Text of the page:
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In neuroimaging, spatial normalization is an image processing step, more specifically an image registration method. Human brains differ in size and shape, and one goal of spatial normalization is to deform human brain scans so one location in one subject's brain scan corresponds to the same location in another subject's brain scan.
It is often performed in research-based functional neuroimaging where one wants to find common brain activation across multiple human subjects. The brain scan can be obtained from magnetic resonance imaging (MRI) or positron emission tomography (PET) scanners.
There are two steps in the spatial normalization process:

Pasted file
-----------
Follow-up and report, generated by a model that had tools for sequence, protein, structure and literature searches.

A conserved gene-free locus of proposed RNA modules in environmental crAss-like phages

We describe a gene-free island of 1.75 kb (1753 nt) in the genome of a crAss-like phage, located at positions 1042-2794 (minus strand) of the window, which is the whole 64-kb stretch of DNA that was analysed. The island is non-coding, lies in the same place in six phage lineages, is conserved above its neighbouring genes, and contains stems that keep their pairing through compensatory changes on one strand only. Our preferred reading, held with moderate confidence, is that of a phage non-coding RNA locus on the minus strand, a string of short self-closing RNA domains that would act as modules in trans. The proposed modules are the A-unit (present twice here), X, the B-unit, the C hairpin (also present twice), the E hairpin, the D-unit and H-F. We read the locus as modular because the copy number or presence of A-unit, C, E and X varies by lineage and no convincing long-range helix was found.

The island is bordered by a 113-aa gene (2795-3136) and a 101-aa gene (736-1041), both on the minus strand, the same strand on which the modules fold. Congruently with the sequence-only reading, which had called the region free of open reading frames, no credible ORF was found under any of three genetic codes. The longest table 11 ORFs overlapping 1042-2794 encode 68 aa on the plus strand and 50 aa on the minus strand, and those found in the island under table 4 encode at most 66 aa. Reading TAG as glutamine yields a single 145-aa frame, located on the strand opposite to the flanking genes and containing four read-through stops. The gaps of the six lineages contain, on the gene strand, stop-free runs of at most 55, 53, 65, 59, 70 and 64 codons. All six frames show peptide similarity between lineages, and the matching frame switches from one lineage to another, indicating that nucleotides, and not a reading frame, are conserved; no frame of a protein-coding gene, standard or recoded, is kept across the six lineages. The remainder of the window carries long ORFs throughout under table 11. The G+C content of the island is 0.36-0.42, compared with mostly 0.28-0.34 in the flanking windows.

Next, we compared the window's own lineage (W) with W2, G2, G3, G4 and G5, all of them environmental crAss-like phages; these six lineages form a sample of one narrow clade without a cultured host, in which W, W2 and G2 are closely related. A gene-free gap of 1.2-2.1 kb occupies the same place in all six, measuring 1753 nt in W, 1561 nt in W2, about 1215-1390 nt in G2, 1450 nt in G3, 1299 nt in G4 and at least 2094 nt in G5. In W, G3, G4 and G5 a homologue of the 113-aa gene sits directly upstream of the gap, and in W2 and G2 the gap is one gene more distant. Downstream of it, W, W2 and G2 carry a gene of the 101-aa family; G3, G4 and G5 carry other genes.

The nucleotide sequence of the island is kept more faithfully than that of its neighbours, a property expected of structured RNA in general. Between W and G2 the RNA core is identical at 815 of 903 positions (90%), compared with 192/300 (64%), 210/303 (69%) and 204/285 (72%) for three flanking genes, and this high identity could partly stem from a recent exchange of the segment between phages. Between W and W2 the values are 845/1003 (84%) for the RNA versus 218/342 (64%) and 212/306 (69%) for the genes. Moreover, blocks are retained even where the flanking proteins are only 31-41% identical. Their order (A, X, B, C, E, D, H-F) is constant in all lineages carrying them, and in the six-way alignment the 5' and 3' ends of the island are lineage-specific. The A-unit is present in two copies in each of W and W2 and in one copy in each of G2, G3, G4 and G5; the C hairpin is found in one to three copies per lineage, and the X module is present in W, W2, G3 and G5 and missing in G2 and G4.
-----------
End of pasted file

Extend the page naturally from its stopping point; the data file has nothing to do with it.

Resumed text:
- Specification/estimation of warp-field
- Application of warp-field with resampling
The estimation of the warp-field can be performed in one modality, e.g., MRI, and be applied in another modality, e.g., PET, if MRI and PET scans exist for the same subject and they are coregistered.
Spatial normalization typically employs a 3-dimensional nonrigid transformation model (a "warp-field") for warping a brain scan to a template. The warp-field might be parametrized by basis functions such as cosine and polynomia.
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